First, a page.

IT WAS just after lunch on a sunny early-autumn afternoon and Bleeding Edge Power Generation Services was pumping out a satisfactory 3953 watts of electricity from the solar panels we had installed on the roof last July.
At the same time, our domestic power load - two refrigerators, upright freezer, Windows PC, two large LCD monitors, uninterruptible power supply, cable modem, wireless router, the SSD Linux system we use to run our open-source telephone system with four handsets, and a few of the highly efficient Melbourne-designed Brightgreen D900 LED lights that replaced our power-hungry quartz halogen globes last year - was 568 watts.
We had just taken the latest step in our personal campaign to reduce our electricity bill and our personal carbon footprint, installing a device that gives us an accurate, comprehensive picture of our power use and the efficiency of the solar panels - a so-called photovoltaic or PV system - in which we had invested last July.
We quickly discovered the so-called ''smart meter'' the power company, CitiPower, installed to track generation and consumption was practically useless for the consumer. It doesn't show how much power you are generating or using. There's a left-pointing arrow when the net position is on the positive side and a red light that flashes when the equation is in favour of the power company but the figures you see are cumulative. It doesn't even give you a daily or weekly summary.
The SEGmeter measures everything and gives you real-time figures.
SEG stands for Smart Energy Groups, whose Melbourne-based founder, Sam Sabey, came up with the device. Powered by an open-source Arduino processor, it links a set of sensors to the switchbox, constantly monitoring activity. It transmits the data to the smartenergygroups.com website using a wireless link to your router.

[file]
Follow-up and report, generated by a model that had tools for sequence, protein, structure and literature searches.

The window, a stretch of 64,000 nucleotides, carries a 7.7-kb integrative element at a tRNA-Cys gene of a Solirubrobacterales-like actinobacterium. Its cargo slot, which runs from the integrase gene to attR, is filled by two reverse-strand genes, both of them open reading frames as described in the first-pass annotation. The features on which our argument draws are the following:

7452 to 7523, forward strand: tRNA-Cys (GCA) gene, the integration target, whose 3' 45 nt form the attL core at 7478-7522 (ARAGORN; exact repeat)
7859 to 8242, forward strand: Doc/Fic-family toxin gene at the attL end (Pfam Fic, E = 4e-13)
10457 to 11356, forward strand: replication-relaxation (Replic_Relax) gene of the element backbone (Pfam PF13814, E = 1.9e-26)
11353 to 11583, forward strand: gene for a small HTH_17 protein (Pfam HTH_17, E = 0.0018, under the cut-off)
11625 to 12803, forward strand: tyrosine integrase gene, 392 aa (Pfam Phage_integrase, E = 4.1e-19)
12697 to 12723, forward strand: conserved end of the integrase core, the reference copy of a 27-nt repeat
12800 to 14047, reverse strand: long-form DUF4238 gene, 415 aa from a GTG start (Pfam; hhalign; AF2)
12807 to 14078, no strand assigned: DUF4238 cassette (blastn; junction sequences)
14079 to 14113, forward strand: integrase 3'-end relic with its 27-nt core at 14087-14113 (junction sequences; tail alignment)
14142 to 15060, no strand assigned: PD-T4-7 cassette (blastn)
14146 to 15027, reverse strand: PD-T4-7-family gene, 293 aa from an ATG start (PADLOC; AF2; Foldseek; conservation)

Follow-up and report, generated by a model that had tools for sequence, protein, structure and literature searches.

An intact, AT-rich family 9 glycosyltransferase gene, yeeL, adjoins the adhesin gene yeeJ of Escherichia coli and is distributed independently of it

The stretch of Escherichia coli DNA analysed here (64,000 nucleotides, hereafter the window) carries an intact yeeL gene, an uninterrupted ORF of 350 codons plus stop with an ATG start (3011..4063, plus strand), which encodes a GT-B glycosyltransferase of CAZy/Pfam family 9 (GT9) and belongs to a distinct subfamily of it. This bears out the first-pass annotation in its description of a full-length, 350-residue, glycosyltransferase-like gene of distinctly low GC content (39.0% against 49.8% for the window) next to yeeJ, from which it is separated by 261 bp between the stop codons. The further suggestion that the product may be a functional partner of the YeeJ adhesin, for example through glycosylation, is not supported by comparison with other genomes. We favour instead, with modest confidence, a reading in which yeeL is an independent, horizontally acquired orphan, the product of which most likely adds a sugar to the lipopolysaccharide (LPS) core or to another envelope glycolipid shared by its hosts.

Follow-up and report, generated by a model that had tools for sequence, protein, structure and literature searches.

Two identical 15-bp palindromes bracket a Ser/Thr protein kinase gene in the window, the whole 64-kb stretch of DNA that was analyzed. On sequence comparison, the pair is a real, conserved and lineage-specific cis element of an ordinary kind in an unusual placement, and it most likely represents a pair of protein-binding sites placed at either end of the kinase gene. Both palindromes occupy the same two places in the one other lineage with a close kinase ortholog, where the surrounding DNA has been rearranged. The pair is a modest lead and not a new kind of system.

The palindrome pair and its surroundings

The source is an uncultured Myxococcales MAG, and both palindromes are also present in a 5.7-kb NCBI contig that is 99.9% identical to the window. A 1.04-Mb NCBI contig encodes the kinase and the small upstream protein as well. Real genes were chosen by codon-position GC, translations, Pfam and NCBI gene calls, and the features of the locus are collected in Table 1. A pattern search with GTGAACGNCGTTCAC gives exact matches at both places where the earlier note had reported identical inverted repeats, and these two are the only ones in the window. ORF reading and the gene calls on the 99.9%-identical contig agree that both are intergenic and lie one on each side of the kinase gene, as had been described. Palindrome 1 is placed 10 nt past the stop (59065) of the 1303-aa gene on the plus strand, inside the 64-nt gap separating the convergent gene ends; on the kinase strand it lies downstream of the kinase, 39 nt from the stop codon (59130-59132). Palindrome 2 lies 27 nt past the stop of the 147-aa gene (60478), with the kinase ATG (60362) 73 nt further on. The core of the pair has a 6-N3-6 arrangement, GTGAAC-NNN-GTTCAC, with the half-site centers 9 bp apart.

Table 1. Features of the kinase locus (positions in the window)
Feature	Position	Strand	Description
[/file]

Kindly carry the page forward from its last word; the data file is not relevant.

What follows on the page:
It's a brilliant site, offering a selection of ''gadgets'' to display real-time information with a selection of charts, dials and reports of minute-by-minute power activity on your choice of ''dashboards''.
The SEGmeter tells you with near-perfect accuracy which appliances and rooms are using power, allowing you to identify where you can make savings. At $1000, including fitting costs, it's not an insignificant investment but given that Bleeding Edge's extravagant power habits were costing us about $650 a quarter before we decided to install a PV system, it made sense to us. Sabey estimates typical payback time is 18 months to two years.
For the increasing number of small to medium enterprises and shopping centres that are using the SEGmeter to identify costly problems and slash power bills, the payback time is significantly better.
Our experience suggests one of the reasons so few people economise on their power consumption is that they simply aren't aware how much money their appliances can guzzle. The SEGmeter makes the invisible painfully clear.
The first time we turned on our clothes dryer and saw the needle on the SEGmeter dashboard jump by 2400 watts (some dryers use twice that), we knew we were on the right track. We've since discovered that a clothes dryer can account for as much as 12 per cent of an average household's power bill. These days, we hang the washing on the clothes line whenever possible, or wait until 11pm before switching the dryer on.
Installation of a SEGmeter possibly represents an advanced stage of the obsession that apparently grips a significant percentage of people who install small-scale power-generation systems to continually monitor and reduce electricity use.
They do things such as post their PV vital statistics on pvoutput.org, a free site for sharing, comparing and monitoring energy production and consumption data. We frequently wander around the house with the iPad, turning appliances on and off and watching the results on the SEGmeter gadgets.
Read more: http://www.theage.com.au/digital-life/hometech/meter-does-a-power-of-good-20120411-1wnj3.html#ixzz2KAcNbZzN